With technology start-ups swiftly becoming multi-million and billion dollar businesses, banks that start a relationship early with the nascent businesses have the opportunity to foster a long term profitable client relationship, a recent report from BearingPoint finds. Care may need to be taken however, as the start-up landscape does not necessarily work well with ‘standardised’ products, and may require specialised teams that work with the unique needs of start-ups.
Traditional banks are facing considerable profitability challenges from changes within the regulatory landscape, low interest rates and increased competition. Looking for new revenue streams is thereby one way in which banks may be able to differentiate themselves from their competitors.
In a recent report, titled ‘Start-up revolution: a brave new world of bank business’, BearingPoint considers the place that technology, software, e-commerce, data management and digital platforms start-ups may have within the wider business landscape. The historically marginalised ‘start-up’ by traditional banking, may now, with the rapid proliferation and scalability of new entrants, be a segment worth courting early for banks.
Being part of success
Successful start-ups can create significant value from relatively simple and low cost ideas that scale massively on digital platforms. One such example is Uber, which grew to a $40 billion dollar business within a relatively short timeframe. While not every start-up is successful (success ranging between 10-20%), the consulting firm notes that if banks are involved in the wider eco system of start-ups, they may be able to identify potentially high-value ideas early and thereby hunt for long term banking partnerships early in the start-ups’ development process.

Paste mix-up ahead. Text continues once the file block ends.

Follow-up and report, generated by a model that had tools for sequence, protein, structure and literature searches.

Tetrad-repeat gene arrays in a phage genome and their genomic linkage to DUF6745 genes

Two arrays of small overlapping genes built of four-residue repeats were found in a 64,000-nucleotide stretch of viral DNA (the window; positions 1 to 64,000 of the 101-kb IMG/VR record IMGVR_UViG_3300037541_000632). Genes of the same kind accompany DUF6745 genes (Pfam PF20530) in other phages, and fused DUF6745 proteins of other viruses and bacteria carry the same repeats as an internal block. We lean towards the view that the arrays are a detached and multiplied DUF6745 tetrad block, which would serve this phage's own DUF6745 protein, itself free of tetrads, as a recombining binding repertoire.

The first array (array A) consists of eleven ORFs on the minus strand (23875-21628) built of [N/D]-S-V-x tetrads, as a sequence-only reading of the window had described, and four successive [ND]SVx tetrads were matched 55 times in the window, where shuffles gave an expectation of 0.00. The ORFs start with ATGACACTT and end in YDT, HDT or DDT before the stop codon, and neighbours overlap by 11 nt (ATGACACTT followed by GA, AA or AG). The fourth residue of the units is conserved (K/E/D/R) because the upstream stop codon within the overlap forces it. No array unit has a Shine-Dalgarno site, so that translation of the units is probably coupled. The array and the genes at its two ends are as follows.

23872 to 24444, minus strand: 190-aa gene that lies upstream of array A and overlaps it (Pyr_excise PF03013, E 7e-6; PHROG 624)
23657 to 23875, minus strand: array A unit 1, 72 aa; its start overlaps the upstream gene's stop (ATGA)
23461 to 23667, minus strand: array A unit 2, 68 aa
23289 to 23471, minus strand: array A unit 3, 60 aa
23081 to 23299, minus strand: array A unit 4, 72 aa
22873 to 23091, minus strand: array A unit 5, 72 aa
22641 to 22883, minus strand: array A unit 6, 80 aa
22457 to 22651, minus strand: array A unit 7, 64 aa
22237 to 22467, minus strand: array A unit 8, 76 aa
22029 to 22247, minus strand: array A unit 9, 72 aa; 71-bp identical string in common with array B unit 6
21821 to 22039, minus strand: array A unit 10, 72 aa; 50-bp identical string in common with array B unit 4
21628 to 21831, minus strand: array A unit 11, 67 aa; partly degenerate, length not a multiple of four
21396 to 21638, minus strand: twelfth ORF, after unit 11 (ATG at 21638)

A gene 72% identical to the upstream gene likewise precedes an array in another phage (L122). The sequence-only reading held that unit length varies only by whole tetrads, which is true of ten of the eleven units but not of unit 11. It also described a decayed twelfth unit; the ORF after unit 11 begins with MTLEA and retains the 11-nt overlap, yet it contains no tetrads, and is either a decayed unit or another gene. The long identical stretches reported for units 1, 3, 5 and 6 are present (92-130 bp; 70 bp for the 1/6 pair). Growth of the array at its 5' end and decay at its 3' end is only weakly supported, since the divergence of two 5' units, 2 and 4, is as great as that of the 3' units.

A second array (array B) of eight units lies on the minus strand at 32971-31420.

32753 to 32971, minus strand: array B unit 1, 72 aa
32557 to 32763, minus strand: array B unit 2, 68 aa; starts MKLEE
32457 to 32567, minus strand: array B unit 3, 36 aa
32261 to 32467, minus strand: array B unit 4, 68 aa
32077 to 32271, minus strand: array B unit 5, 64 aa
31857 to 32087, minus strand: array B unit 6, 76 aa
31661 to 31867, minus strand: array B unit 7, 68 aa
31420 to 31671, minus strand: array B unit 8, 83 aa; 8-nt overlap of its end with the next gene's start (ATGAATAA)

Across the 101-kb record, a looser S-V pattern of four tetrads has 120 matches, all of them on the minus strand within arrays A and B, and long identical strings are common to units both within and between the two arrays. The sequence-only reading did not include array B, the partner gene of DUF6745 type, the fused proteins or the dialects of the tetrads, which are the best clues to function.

If banks are on board early, and successfully deliver simple value adding services, they will be in a good position to remain and become a trusted partner for considerably more complex banking solutions as the start-up scales up.
Banking on start-ups
Besides supporting start-ups as clients, banks may also move toward creating partnerships with start-ups that are themselves aiming to disrupt the traditional banking environment. Supporting such initiatives has different levels according to the consultancy.
First level engagement sees banks develop workshops and other open collaboration ventures that allows for the development of ideas that could progress into valuable start-ups. Level two involvement consists of wider partnership deals, with the banks’ experience coupled with ideas from start-ups. Level three involves a deeper financial relationship, with banks pumping money into the start-ups that meet the strategic innovation agenda. The final level of involvement would be the development of start-up incubators that seek to develop ecosystem changing business models that are in the hands of the banks involved.
The consultancy highlights however that banks need to be careful about their relationships with start-ups. The development of start-ups does not necessarily follow the same trajectory as that of small businesses or medium/large corporates. The standardised ‘off the shelf’ banking solutions offered by banks to its customers may not be well suited to businesses that rapidly scale through different product levels while often needing unique or sophisticated solutions throughout the development process.
To accommodate start-ups, a clear recognition of the kinds of needs that they have in the different stages of development needs to be considers. According to BearingPoint, this would involve developing specialised teams that engage with the start-ups during their development and cater to their specific development needs. Care must be taken however, as the start-up community is well networked, that the reputation of banks in delivering promised services is key to their long term involvement with start-ups, as well as other start-ups being willing – on recommendation – to get into bed with a particular banking service.